Despite sharing my Black Licorice double xuan paper with artist friends, I had several widths left, and that large gold bamboo frame beckoning from the art room. The simplicity of two cranes in a setting holds considerable appeal, and I had a working technique developed for painting them. So I set the challenge of painting pine around two cranes for the larger frame. Below is my first (successful) experiment with painting on black paper; I called it “In Praise of Plum”.
The traditional method for painting pine clusters is to ink in the needles, then go over each needle with a dark green, and finally lay in a green-blue wash over each cluster (softening edges with water). You can either ink in branches, limbs and twigs with outlining and texturing, or depict them freestyle with color. Obviously ink outlining was not going to work on black paper, nor would the use of white paint for the needles. I had some experimenting to do.
First off, I searched online to see if any other CBP artist has gone down this discovery path and posted anything. All I found was one Youtube video demonstrating painting on black cardstock using acrylics. The subject (lotus) and method is CBP but the paper handling is not. The result is stunning, but too intense for my vision for pine.
I sat down to try a few different methods and ended up with one that seemed to work. (Lucky for me I had several highly skilled CBP artists to consult in my two art groups; their input is always helpful in ‘developmental’ work.)
I intended to paint two cranes slightly off centre, looking to the left, and dominating the scenario. I aimed for pine that would fill the upper right and part of the lower left. I intended to ‘ground’ the cranes with a light wash around their feet, and lastly drop in my chop in the lower right.
I would render these fellows in the same manner as for my “In Praise of Plum” composition: outline in white paint, paint the eye in black over white paint, fluff in body and wing feathers with white tones, paint red over top of white for the head marking, paint the beak and legs with gold and add some black ink scale marks to the legs, and finally, add black ink and gold paint to suggest the wing tip feathers (those that look like tail feathers because of their placement).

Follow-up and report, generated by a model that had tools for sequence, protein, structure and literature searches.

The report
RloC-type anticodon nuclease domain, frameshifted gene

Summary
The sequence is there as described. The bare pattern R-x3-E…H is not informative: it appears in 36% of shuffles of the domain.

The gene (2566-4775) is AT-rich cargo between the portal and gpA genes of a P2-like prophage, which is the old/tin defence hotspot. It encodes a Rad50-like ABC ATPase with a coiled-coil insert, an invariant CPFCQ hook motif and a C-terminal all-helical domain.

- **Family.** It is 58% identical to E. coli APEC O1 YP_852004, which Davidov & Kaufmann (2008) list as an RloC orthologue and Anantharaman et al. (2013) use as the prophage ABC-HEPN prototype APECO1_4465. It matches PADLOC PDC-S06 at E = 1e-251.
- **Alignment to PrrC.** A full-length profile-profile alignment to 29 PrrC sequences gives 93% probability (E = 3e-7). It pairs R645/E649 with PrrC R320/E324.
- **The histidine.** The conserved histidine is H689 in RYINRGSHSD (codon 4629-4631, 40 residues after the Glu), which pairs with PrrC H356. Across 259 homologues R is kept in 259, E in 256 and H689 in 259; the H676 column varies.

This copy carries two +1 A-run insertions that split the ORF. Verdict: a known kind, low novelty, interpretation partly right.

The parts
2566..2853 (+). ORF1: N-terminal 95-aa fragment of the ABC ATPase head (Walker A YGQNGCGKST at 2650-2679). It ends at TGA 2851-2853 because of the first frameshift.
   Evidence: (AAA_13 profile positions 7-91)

I had experimented with different ways to depict pine on the black paper surface. I found that I could lay down pine limbs and smaller branches, using several rust and rose shades from my pearlescent paint box with a large orchid/bamboo brush. For the needles I used a detail brush loaded with green paint and then dipped in the blue and sometimes the green from the pearlescent box. I placed moss dots on the needle clusters with gold paint and also dotted the needle cluster centres. I even managed to suggest cones among the pine clusters using the pearlescent brown.
I completed the composition pretty well as planned, brushing some very light green pearly paint at the feet of the birds to ground them, adding inky swirls to the pine boughs, and bringing the pine behind the birds at the right in order to add to the depth within in the scene. I discovered that the addition of moss dots in deep blue enhanced the coloring of needles and pine bark.
In preparation for gluing I made sure my painting was large enough to fit the frame (just barely) and sprayed the composition with fixative. I added my chop in the same manner as with the plum painting. Having lost much of the pearly and gold paint from my previous painting on black paper (In Praise of Plum) in the gluing process I double-dosed my pine painting. I also sprayed lots of water on the back of the painting as I stretched it with the gluing brush to avoid leaving a milky glue haze to dry.
As soon as I flipped the painting to the drying board I could see that despite the copious spraying of fixative I had yet again lost about 25% of the metallic and pearly paints in the procedure. Once the painting was dry (and still stretched on the board) I had to touch up the entire composition. The cranes were the least affected this time, so maybe the extra spraying had helped the white painted areas.
Once the composition had dried, I cut it to size and popped it in the frame.
I now had TWO paintings on black paper that were show-ready, and three days left before the show hanging.
My paper stash yet includes a few sheets of the black licorice paper; with a workshop on painting chrysanthemum coming up, perhaps I’ll tackle that fourth gentleman before my ‘black paper days’ end.